If, for example, the predicted search range is greater than or equal to the integer threshold, m=8, then a starting location may be selected by searching an integer number, j, of locations located approximately r pixels from an initial search center in a radial pattern and approximately equidistant from one another along a circumference of a circle of radius r, if a predicted search range is greater than or equal to an integer p and selecting a best location from among said integer number j of locations. The initial search center may be a macroblock origin. The integer number j of locations may be an integer from 5-10 inclusive. The radius r pixels may be measured in “city blocks”, where each pixel of a video frame is located at an intersection of a grid, each square of the grid denoting a city block, or by any other suitable measure. A presently preferred measure for r is 8 pixels. Other suitable values for radius r are also contemplated to be within the scope of the present invention.
  • [0034]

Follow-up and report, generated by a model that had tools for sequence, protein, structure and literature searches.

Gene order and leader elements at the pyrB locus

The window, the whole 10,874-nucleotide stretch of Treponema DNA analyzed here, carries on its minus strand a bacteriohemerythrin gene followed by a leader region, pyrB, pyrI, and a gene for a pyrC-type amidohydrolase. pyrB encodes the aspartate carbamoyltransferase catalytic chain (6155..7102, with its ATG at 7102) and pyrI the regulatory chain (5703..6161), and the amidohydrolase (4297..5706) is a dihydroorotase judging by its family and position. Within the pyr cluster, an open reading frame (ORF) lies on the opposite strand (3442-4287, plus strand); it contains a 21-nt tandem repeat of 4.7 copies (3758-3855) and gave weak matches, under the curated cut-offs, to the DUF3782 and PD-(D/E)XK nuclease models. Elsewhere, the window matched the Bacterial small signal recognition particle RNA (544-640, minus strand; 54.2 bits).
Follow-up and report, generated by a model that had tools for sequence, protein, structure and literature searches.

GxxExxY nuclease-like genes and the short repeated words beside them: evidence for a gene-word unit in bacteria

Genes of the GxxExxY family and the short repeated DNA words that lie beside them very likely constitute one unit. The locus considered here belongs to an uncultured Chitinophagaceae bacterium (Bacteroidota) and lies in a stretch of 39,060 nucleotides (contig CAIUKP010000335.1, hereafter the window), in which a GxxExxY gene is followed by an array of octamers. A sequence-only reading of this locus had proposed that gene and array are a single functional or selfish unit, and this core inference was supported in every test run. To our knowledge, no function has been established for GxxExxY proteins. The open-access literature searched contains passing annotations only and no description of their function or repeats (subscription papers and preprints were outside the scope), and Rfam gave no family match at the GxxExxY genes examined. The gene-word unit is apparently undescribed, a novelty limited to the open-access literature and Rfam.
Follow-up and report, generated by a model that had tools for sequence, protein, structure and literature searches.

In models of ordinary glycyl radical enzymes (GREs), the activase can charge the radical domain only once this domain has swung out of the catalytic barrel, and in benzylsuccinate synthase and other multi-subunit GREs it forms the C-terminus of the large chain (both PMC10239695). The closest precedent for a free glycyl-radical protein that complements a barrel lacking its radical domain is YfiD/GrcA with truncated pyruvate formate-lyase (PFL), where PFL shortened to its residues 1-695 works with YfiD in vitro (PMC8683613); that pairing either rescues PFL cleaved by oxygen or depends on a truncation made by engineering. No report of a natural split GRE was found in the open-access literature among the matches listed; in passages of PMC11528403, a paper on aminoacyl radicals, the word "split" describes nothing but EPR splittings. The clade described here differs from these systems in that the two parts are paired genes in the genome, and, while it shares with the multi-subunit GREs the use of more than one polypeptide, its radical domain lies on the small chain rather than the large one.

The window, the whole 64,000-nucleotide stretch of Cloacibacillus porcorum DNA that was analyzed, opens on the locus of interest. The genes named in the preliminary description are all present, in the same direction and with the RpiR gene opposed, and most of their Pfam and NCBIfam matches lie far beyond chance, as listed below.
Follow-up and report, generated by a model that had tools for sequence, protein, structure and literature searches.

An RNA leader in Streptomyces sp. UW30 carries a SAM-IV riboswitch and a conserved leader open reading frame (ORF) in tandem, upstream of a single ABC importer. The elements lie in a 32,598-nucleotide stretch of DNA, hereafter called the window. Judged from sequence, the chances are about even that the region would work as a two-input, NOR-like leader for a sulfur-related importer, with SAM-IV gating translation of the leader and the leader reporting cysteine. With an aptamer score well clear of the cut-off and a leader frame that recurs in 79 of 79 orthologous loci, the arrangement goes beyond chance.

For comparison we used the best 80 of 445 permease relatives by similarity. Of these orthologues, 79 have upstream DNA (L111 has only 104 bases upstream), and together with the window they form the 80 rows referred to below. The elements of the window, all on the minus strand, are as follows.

[0034]FIG. 4 is a diagram illustrating a presently preferred pattern of search locations for seeding the motion search under high motion conditions, i.e., selecting 306 a starting location, when the predicted search range is large. In FIG. 4, the “*” symbol represents the initial search center, which may be the macroblock origin or some other location. The “o” symbols represent locations to be tested for determining the best starting location. All 8 locations are evaluated and the best is selected as the starting point or search center for the subsequent searching. Using a broad pattern to determine a best search center overcomes the local minima problem of the conventional diamond search method. In the traditional diamond search (PMVFAST), seeding is only performed when the motion vectors of the surrounding, already motion-searched macroblocks are slightly long, and only performed at the locations indicated by those 3 motion vectors. However, that is not enough seeding for very high motion cases. Thus, according to the present invention, if it appears that there may be a lot of motion based on the motion vectors of the surrounding, already motion-searched macroblocks, then the current macroblock will probably experience a lot of motion as well. Under this circumstance, it is usually beneficial to seed the motion search, i.e., find a new starting location, in accordance with the present invention.